Create Shopping Malls out of Shipping Containers

'Start City Mall' was built out of shipping containers in the center of the Christchurch devastation. It was so successful and beloved it may turn from temporary into a permanent fixture. Think about it... how many lasting, beloved songs have been written in the middle of pain? It's an interesting parallel.



Eye language at work in a sheep dog

Creative eye language is used by dogs to herd sheep. New Zealand has more sheep than people, and they all need direction! Watching a sheep herding event reminded me of how creative a singer or speaker's eyes need to be in order to capture and corral our own audiences.

Sing In the Glow Worm Caves

The Waitomo glow worm caves in North island contains a glow worm unique to New Zealand. We took a bus trip there and met girl who is legally blind named Rachael Leahcar, who was a finalist 'The Voice' in Australia. Guided by her friend into the caves with us, our tour guide asked her to sing in the tallest section of the cave. As I listened to this brave angel sing "La Vie En Rose" in this beautiful echo chamber, I thought about the many opportunities we don't take as artists and performers because we're afraid. Oh, and then we got to see the glow worms, which for all the world looked like something out of the movie 'Avatar'! Breathtaking.



Celebrate Authentic Maori Culture

The Maori are the indigenous people who immigrated to Aotearoa (New Zealand) from Polynesia well before the Europeans. We were invited into their village to witness some of their rituals, dances and music. The Maori culture, art and language are highly respected and revered throughout the country, North and South islands. Their cultural symbol, the silver fern, has been adopted throughout New Zealand, including being painted on the tails of all the planes in New Zealand Airlines. Most public building names, instructions, restaurant menus and bathrooms include Maori language translation right beside the English words. I enjoyed learning and saying 'Kia Ora' to smiling strangers I met along the way. It reminds me... when we're performing, there are no strangers.

You know, musical genres are a lot like languages. Different people express the same emotion with different kinds of music. While we all have our own languages, we should respect all others - even possibly consider bravely listening and creating outside our musical norm!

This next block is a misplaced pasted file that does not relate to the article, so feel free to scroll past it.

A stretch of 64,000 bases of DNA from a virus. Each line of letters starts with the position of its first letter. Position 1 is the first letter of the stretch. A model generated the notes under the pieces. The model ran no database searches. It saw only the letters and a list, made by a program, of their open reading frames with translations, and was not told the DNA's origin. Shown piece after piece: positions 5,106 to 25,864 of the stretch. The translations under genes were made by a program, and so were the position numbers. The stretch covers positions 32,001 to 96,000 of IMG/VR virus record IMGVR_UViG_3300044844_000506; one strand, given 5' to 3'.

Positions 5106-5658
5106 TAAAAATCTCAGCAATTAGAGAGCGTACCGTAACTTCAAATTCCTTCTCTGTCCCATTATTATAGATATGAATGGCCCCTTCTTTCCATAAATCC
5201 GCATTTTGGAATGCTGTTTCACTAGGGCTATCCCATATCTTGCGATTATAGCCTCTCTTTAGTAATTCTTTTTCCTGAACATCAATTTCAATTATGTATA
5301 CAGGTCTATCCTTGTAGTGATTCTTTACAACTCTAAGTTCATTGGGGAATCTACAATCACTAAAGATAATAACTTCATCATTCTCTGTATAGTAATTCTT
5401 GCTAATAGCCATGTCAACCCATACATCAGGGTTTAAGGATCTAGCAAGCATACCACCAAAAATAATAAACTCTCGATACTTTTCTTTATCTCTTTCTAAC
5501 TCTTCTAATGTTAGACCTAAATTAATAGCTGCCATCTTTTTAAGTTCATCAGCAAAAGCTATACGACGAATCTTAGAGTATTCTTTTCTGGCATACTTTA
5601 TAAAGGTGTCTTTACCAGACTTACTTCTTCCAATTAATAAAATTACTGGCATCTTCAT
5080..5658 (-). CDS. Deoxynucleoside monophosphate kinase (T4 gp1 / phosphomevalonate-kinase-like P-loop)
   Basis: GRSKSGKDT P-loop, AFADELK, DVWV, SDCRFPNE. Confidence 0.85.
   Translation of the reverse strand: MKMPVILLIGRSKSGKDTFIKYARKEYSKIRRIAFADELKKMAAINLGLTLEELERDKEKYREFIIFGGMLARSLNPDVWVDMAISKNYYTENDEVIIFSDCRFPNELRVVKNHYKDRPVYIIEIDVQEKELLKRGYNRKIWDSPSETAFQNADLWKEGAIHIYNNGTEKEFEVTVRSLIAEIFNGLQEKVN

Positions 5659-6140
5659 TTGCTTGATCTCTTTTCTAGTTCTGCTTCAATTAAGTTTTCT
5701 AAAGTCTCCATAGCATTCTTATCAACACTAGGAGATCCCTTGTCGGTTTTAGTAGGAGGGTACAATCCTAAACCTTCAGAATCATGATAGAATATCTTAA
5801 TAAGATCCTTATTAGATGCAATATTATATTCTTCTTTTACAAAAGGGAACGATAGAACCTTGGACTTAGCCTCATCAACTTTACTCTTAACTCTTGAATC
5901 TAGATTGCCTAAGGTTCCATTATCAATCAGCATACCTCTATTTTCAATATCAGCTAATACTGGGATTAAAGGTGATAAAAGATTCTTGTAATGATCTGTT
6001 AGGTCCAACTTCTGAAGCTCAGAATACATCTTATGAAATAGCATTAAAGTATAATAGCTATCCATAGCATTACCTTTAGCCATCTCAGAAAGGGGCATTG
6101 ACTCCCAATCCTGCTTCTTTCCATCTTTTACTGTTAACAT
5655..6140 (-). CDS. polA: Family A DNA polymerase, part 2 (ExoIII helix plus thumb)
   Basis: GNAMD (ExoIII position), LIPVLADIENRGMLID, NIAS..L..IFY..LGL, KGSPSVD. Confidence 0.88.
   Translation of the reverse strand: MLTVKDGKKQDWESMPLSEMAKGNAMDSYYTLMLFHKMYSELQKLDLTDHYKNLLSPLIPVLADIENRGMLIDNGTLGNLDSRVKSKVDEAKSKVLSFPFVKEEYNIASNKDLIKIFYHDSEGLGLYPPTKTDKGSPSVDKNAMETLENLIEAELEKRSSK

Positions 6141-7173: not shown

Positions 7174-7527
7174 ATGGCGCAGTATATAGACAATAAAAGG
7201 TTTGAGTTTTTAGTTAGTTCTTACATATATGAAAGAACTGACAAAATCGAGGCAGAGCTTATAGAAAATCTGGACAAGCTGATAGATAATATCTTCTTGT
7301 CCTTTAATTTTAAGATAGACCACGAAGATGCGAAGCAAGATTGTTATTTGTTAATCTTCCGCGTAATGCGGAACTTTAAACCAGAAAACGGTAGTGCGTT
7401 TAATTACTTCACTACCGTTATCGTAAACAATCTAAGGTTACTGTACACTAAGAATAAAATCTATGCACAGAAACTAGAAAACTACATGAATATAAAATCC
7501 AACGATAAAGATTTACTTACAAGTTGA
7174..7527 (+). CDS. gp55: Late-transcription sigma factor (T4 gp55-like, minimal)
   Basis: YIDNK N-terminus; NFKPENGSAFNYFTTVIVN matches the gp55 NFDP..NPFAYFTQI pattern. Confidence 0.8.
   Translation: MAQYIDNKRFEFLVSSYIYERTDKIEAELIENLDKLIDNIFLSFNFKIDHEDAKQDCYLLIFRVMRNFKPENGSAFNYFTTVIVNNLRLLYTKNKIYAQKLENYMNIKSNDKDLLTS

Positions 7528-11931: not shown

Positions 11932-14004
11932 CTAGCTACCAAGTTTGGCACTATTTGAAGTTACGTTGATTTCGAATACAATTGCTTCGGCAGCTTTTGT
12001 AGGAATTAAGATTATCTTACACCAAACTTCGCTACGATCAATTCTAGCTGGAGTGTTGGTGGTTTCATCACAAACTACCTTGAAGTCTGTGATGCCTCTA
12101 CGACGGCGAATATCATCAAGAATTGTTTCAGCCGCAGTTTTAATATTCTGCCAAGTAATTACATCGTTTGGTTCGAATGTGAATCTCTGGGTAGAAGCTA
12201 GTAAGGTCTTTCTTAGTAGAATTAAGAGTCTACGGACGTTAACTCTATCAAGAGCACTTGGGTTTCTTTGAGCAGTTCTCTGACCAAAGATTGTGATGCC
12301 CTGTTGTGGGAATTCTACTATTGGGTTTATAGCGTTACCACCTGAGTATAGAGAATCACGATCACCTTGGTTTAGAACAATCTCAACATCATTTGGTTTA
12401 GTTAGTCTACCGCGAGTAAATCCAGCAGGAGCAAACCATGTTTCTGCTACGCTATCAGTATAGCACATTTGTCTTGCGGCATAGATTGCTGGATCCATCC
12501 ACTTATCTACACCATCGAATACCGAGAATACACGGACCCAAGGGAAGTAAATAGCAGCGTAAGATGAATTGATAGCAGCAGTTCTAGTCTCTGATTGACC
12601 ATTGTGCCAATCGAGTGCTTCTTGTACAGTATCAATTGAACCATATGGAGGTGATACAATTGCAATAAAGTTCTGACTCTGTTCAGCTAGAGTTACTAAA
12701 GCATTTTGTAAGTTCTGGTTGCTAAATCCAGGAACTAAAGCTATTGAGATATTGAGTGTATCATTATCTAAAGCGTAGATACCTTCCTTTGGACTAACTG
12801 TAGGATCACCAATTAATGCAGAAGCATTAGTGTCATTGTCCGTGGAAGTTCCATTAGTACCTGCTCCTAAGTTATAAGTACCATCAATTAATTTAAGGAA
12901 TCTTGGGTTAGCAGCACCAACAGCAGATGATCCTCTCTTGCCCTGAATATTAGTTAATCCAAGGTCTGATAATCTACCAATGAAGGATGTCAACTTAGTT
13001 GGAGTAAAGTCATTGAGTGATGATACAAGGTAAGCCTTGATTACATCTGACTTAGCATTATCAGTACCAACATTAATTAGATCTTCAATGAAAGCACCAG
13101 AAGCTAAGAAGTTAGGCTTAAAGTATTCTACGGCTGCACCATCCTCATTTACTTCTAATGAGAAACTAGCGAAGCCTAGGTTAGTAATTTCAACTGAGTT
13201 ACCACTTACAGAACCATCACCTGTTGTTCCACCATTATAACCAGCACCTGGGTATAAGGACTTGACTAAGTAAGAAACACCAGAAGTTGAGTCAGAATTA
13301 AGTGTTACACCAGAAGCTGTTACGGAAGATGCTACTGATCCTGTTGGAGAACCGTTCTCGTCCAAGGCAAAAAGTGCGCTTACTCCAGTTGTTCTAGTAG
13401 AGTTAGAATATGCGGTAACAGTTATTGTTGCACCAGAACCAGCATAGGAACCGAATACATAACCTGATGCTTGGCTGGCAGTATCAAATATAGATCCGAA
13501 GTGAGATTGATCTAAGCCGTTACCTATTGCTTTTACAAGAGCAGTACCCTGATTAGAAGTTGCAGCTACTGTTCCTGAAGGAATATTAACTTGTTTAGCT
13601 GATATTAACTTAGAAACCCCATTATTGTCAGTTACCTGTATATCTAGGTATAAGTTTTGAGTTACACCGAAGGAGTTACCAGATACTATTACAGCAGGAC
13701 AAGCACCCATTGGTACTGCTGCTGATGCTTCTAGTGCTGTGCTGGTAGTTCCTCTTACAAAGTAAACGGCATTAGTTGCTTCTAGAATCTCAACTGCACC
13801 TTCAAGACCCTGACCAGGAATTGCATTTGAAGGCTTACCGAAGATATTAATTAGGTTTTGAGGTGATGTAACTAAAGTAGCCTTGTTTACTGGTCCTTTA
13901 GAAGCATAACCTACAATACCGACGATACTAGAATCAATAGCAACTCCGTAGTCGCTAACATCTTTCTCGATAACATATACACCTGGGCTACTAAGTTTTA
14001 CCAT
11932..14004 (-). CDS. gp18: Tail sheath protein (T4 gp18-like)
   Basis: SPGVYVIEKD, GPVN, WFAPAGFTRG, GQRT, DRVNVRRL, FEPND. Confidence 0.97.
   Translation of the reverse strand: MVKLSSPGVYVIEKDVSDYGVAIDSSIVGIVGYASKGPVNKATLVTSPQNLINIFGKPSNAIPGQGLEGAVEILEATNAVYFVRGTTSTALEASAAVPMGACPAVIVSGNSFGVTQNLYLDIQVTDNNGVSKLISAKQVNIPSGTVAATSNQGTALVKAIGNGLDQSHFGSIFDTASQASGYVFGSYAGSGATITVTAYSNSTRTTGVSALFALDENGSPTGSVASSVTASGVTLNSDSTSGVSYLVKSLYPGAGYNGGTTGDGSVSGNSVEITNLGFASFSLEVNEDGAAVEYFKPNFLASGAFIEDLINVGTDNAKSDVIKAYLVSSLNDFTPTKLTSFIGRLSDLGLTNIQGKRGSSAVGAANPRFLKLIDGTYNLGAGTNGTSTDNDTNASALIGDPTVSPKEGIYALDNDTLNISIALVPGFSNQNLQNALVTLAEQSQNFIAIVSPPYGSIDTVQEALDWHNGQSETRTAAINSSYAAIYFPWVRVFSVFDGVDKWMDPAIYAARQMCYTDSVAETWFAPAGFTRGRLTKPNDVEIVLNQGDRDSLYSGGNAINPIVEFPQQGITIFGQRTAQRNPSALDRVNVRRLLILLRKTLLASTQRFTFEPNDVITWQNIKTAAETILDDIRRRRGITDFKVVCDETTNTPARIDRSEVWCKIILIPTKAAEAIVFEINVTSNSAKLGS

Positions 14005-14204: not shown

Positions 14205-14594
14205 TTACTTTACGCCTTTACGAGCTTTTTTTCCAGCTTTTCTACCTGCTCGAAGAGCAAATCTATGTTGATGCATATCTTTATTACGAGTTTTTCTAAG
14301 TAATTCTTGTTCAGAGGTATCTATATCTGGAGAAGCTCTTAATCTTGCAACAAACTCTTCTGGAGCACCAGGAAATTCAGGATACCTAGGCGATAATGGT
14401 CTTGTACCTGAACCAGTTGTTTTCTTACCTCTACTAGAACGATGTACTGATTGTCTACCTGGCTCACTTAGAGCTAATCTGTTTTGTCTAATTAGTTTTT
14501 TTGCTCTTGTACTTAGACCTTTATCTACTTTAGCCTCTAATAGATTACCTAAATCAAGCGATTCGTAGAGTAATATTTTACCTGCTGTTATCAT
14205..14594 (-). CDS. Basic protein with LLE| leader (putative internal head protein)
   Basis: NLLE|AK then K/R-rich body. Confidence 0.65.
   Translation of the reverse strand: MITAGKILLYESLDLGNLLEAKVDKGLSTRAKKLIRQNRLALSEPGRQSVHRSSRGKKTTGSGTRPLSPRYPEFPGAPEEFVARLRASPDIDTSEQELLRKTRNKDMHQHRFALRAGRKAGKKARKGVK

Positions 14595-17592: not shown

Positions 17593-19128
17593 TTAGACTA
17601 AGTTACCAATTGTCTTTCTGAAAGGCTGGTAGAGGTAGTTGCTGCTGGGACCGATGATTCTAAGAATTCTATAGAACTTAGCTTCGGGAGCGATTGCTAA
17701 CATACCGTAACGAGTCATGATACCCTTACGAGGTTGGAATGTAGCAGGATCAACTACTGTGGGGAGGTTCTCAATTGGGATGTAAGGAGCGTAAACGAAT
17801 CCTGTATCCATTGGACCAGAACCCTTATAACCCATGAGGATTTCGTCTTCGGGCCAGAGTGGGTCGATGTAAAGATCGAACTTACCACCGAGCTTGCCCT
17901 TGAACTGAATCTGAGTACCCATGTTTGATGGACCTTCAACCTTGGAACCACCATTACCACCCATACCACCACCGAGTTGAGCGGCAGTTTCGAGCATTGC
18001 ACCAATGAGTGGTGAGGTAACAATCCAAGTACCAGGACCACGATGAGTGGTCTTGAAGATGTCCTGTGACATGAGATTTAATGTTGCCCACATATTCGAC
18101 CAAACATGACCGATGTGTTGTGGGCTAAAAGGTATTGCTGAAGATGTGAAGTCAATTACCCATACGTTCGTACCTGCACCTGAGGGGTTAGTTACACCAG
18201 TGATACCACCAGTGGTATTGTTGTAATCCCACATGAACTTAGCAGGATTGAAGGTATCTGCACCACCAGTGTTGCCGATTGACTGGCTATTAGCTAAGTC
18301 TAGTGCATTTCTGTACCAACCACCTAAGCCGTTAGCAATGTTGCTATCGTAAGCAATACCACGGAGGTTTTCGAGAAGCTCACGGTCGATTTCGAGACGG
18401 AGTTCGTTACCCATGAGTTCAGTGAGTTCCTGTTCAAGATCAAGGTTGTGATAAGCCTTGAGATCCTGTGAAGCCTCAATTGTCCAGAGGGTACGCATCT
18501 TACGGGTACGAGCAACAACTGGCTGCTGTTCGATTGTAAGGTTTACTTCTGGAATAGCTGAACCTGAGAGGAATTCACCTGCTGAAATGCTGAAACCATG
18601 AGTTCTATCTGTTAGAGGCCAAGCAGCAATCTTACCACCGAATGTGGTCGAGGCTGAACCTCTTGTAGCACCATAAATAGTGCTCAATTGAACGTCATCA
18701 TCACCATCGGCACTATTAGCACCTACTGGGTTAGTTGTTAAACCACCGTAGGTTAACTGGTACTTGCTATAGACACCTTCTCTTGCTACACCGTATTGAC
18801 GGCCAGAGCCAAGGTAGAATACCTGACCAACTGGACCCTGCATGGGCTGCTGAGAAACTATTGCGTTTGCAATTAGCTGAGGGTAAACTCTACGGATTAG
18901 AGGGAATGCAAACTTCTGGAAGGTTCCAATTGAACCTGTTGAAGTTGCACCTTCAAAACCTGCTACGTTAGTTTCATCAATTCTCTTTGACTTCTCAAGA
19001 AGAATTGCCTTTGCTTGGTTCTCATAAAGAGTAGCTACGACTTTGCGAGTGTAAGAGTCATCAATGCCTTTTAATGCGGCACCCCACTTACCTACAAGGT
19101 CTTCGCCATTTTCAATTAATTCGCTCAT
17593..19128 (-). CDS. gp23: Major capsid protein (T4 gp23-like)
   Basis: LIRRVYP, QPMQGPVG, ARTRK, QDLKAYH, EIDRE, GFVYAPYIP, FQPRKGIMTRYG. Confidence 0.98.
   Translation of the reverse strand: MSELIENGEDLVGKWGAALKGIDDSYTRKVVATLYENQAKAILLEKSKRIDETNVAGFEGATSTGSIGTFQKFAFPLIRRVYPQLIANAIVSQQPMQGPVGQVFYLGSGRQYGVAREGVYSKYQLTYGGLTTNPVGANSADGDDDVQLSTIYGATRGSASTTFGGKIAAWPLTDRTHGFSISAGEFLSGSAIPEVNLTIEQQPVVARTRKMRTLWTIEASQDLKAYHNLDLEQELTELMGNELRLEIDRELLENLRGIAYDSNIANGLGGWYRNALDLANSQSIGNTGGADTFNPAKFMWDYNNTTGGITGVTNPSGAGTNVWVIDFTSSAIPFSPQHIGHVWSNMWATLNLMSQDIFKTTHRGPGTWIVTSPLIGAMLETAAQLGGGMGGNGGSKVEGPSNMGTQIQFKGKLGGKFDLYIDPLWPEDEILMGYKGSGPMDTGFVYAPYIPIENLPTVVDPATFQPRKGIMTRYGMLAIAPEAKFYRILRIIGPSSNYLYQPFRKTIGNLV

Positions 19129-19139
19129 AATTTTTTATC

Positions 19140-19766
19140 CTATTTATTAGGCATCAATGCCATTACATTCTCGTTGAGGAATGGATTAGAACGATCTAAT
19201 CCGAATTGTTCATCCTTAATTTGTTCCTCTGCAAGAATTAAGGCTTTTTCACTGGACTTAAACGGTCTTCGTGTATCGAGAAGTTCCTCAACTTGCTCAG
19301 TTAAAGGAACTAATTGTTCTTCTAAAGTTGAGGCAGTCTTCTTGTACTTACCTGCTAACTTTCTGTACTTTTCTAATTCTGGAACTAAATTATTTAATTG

Turn a beloved movie set into a permanent site

If you watched the Hobbit or Lord of the Rings movies, you may recognize this sign, which was in one of the scenes in a site they named 'the Shire'. In a lightbulb of creativity, Peter Jackson and company decided to turn the temporary hobbit hole houses into "Hobbiton"... a permanent site. They have a contract with the landowner there in New Zealand to keep the site groomed and guided and expanded for tourists that come from all over the globe. On the bus trip there, they of course played a song from the soundtrack. Between the music, the flower and vegetable gardens, the detail around the hole houses and the green dragon tavern we drank in, it really was a magical experience. It would be a good thing to turn our performances into experiences worthy of permanent memories!

Never take it for granted

The mountains, valleys, glaciers, forests, coasts and fiords of New Zealand are ever changing. Between earthquakes, volcanoes, floods and wildfires, the land is always making itself over. Therefore, part of the creative courage I see in New Zealand comes from not being able to take tomorrow for granted. One must learn to ride the roller skates and turn broken treasures into new dreams. So must we all.

I hope you've enjoyed this wider take on 'All Things Vocal'. If you'd like to see pictures from my vacation, you can check them out on my Facebook profile here.

Kia ora, dear readers and listeners... and don't forget if you are in New Zealand or anywhere else too far to get to Nashville, I teach online students across the globe! For more information on my lessons and courses, just leave me a message at my contact link.